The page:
After the Night
After the Night, which premiered during Director’s Fortnight at Cannes Film Festival, is the latest feature from Basil de Cunha. Set in a Creole-speaking part of Lisbon, it chronicles the journey of Sombra, a man who owes the local drug dealer (and his boss) money after it vanishes. Naturally, as one would expect, things don’t go quite as planned.
This is a side of Portugal that is most certainly not advertised on the brochure. It unlocks the social tensions and immigration laws in Lisbon that are never reported, but are given deep thought and consideration in de Cunha’s feature. And then there’s the obligatory metaphorical animal, Sombra’s pet Iguana, who almost steals the show akin to Ulysses from Inside Llewyn Davis.
One thing After the Night does have going for it is its authenticity, largely due to the improvisational skills displayed by the actors, most of whom are first-timers or locals plucked from the city.
With the heavy use of improvisation comes the religious dialogue uttered by the characters. The Portuguese title itself, Até Ver a Luz, is rougly translated as Until You See the Light. Not incidentally, during what is arguably the best – and most poignant – scene of the film, Sombra advises his only true friend Nuvem to “follow the light”.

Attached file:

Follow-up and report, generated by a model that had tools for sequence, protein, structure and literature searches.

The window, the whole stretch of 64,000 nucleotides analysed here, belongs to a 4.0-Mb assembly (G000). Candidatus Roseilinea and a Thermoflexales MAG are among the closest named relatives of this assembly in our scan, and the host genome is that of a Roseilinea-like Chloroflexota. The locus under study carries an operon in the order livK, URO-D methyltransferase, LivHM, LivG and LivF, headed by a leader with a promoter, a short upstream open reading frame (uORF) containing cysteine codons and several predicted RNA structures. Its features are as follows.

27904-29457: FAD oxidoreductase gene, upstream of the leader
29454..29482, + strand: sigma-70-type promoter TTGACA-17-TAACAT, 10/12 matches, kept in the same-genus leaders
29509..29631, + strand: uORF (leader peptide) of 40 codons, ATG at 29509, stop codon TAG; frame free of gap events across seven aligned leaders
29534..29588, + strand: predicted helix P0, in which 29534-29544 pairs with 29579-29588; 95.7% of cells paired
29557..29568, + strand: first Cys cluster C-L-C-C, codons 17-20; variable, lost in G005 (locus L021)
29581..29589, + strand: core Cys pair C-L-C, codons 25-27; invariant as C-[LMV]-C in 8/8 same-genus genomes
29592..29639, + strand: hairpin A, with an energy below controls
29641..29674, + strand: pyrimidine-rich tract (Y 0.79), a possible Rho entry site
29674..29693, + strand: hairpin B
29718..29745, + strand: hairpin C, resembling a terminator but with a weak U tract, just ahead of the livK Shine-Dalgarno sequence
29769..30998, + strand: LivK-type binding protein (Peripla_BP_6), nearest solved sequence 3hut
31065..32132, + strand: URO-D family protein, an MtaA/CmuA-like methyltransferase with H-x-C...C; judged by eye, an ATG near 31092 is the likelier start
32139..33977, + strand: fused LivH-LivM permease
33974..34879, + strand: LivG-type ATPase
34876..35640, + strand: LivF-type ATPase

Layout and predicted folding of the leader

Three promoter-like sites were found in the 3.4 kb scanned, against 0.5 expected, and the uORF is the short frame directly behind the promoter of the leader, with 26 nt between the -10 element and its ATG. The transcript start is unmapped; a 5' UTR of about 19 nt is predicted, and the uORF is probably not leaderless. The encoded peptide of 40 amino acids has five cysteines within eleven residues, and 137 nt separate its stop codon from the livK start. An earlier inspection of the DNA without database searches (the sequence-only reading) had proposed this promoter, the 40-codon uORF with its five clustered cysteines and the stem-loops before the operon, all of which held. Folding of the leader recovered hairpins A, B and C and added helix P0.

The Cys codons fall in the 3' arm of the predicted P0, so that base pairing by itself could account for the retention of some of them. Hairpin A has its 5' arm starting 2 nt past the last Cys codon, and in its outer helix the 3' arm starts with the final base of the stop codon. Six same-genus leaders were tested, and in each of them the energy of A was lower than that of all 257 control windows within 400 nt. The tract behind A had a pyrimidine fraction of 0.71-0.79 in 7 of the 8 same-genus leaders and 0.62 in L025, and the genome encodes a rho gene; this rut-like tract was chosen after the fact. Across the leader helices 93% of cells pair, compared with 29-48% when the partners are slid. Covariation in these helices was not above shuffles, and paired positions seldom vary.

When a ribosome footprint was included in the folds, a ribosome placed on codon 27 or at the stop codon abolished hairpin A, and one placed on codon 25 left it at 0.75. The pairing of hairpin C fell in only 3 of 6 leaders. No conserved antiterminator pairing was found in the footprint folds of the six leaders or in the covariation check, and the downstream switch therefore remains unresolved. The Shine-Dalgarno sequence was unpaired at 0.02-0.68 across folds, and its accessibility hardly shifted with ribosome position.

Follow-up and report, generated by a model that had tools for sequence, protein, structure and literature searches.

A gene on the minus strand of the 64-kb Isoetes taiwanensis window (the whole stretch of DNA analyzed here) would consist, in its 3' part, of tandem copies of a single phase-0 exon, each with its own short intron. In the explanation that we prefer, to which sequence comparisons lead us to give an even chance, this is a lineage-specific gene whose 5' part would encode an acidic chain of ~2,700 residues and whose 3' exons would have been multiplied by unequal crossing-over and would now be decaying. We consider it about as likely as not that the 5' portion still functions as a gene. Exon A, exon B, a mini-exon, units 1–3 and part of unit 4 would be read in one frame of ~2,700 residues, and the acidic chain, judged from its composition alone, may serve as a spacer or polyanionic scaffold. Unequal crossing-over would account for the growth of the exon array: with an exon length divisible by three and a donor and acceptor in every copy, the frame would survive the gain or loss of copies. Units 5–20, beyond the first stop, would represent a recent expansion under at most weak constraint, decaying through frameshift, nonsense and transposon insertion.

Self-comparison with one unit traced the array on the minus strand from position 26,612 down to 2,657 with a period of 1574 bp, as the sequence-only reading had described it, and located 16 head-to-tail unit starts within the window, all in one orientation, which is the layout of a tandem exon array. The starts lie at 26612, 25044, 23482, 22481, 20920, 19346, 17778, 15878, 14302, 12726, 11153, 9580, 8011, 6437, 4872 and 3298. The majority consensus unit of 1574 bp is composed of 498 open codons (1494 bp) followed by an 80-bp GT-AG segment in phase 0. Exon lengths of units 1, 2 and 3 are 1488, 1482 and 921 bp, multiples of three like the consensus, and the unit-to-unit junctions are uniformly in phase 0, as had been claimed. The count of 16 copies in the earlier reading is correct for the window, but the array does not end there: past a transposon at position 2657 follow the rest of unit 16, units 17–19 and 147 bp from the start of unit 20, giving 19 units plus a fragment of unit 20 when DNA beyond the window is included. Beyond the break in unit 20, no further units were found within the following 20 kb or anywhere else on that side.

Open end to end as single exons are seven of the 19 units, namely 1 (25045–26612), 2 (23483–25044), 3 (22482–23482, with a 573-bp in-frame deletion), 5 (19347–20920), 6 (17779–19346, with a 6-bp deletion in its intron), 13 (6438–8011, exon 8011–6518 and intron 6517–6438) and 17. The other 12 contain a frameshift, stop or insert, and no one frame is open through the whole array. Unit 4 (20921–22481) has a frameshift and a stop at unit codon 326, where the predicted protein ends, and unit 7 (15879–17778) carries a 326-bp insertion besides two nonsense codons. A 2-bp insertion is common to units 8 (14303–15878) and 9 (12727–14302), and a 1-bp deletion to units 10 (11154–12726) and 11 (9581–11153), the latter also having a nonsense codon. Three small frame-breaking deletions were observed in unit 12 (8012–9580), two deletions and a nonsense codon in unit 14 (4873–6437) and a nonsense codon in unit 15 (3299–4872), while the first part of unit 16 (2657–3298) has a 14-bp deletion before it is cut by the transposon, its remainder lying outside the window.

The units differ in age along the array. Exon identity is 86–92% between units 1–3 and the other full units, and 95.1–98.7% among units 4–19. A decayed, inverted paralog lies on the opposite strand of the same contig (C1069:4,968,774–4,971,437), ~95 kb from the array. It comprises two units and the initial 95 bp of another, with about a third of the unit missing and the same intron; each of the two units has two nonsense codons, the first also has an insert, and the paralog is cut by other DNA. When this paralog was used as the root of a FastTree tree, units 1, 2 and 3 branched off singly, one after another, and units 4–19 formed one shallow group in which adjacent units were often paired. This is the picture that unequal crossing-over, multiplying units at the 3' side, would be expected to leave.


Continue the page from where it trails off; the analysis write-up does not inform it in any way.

The most beguiling supporting characters are not the paper-thin villains, but the side characters who appear sporadically such as Nuvem himself, Sombra’s sassy and jaded aunt and a witch doctor – religion once again comes to the fore and establishes its importance within these characters’ lives.
This feels all a little too familiar, derivative of films of the same ilk (think City of God and Boyz n the Hood), though gritty and ultimately a tough pill to swallow.
After the Night is released nationwide on 25th April 2014.
Watch the trailer of After the Night here: